Hugo Chávez and Petro Populism | The Nation


Hugo Chávez and Petro Populism

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Despite all this, Chávez and his political allies have won seven national ballots, including the approval of a new Constitution, an overhaul of the notoriously corrupt judiciary, two national legislative elections, two presidential elections and one attempted presidential recall.

Research support was provided by the Investigative Fund of The Nation Institute.

About the Author

Christian Parenti
Christian Parenti
Christian Parenti, a Nation contributing editor and visiting scholar at the CUNY Graduate Center, is the author of...

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Through it all, occasional armed clashes between hard-core Chavistas and opposition militants have left about twenty people on both sides dead or seriously wounded. And the Chávez government has enacted a media law that punishes slander with jail time and prohibits broadcast of the twenty-four-hour-a-day video loops that were an opposition favorite, drawing sharp criticism from press-freedom advocates. But there has been no major government campaign of repression, not even against the architects of the coup, many of whom are at liberty and still in Venezuela.

The barrio 23 de Enero (January 23) is to the Venezuelan left what Compton is to hip-hop: the home of its hard core. The barrio's eponym is the date of a popular uprising that took place in 1958 against dictator Marcos Pérez Jiménez. Tucked into a Caracas valley and flowing over a few hillsides, 23 de Enero is a mix of 1950s-era cement tower blocks and the usual cinder-block homes wedged along winding staircases and walkways.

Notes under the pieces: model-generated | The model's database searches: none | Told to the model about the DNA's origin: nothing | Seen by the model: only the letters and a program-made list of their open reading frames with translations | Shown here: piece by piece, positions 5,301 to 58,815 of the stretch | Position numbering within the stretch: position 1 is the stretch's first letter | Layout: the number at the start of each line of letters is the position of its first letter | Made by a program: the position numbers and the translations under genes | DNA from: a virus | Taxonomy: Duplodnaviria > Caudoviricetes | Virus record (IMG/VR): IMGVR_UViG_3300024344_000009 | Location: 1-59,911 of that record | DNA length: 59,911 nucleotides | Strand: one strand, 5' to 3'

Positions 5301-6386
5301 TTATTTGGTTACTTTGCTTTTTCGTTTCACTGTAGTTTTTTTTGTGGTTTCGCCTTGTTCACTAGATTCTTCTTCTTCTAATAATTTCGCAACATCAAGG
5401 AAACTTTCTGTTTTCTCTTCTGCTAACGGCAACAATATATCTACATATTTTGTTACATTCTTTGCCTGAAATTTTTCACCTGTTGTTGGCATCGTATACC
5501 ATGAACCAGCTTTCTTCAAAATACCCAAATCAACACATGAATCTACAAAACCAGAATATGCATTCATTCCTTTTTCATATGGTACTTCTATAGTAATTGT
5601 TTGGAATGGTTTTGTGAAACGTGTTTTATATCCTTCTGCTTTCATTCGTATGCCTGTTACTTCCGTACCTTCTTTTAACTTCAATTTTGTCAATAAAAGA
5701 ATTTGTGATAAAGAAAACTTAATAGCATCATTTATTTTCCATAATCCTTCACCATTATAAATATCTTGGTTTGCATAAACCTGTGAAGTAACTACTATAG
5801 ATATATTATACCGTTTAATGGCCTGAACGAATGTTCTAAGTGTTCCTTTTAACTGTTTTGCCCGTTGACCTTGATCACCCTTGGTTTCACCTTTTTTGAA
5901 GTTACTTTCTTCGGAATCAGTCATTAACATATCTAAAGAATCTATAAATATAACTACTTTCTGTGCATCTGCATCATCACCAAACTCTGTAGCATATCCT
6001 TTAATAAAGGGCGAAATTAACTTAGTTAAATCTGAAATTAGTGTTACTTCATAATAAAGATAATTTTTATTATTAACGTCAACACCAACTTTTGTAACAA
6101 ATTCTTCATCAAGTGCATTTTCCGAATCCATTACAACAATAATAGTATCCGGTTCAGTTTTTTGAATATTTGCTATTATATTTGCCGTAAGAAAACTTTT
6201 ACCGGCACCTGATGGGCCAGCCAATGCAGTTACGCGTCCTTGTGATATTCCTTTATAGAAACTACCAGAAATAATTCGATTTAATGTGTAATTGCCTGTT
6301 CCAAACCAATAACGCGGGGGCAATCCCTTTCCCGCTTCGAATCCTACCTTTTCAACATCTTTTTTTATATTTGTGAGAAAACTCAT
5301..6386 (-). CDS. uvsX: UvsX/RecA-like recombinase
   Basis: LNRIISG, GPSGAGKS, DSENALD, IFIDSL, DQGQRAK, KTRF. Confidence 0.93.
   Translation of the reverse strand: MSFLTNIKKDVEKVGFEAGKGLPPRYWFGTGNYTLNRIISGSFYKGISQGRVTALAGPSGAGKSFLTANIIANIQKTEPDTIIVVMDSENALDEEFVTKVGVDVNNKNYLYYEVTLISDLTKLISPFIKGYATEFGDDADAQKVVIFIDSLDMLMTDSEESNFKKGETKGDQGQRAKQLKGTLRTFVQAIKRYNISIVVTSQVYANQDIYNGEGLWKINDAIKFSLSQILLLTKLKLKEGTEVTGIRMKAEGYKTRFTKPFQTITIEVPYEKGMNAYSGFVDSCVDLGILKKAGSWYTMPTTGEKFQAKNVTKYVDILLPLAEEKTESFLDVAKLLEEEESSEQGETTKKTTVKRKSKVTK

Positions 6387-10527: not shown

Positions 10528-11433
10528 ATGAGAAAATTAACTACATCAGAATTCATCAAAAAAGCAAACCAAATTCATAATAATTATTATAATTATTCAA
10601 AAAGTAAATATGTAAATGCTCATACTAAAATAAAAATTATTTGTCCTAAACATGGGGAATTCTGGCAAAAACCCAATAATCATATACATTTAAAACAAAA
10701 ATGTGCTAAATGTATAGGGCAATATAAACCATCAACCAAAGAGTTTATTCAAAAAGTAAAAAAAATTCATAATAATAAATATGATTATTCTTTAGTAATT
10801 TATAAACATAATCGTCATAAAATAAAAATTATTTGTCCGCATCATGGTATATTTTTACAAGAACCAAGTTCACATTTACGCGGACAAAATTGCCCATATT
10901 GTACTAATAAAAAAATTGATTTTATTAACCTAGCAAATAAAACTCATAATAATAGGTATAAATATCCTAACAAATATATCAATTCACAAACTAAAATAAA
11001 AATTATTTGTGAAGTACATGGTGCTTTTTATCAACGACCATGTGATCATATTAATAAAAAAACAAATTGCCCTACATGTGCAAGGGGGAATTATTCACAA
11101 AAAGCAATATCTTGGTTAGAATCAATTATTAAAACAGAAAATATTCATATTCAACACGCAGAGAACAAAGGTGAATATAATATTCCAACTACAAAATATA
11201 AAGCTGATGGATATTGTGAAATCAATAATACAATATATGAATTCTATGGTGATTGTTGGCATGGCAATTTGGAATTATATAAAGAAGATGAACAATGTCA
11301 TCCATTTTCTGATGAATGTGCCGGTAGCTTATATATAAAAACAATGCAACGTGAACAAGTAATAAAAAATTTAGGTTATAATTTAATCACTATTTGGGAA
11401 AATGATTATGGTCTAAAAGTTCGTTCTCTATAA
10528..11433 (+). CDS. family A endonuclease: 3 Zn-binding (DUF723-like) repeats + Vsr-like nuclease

The ten- and fifteen-story tower blocks are adorned in an improbable and tatterdemalion layer of colorful laundry hanging from external drying racks or barred windows. Behind the clothes and the bars one can see lush potted plants, caged and squawking birds or household items stacked up in the tiny, overcrowded apartments. On the back sides of the towers, mounds of trash sit in and around dumpsters that are placed below long, dilapidated external garbage chutes that usually have big sections of pipe missing.

From the top of each tower flies a red-and-blue flag: the colors of the Coordinador Simón Bolívar, a powerful community organization that has its roots in the urban guerrilla movements of the 1970s and '80s. Described with the catchphrase Tupamaros, these urban partisans were really a collection of groups and factions rather than a single force, as the name would suggest.

Even today, many comrades in the barrios are still armed. A fellow journalist was pulled over by masked gunmen at a Tupamaro checkpoint in 23 de Enero during the tense days around the August 2004 referendum. The homies were making sure no escuálido thugs snuck into the 'hood to do a drive-by. They also wanted my friend to donate his videocamera to the revolution, putting a gun to his head to help him make his decision. But when adult supervision finally showed up, the muchachos running the traffic stop were persuaded to give back the camera.

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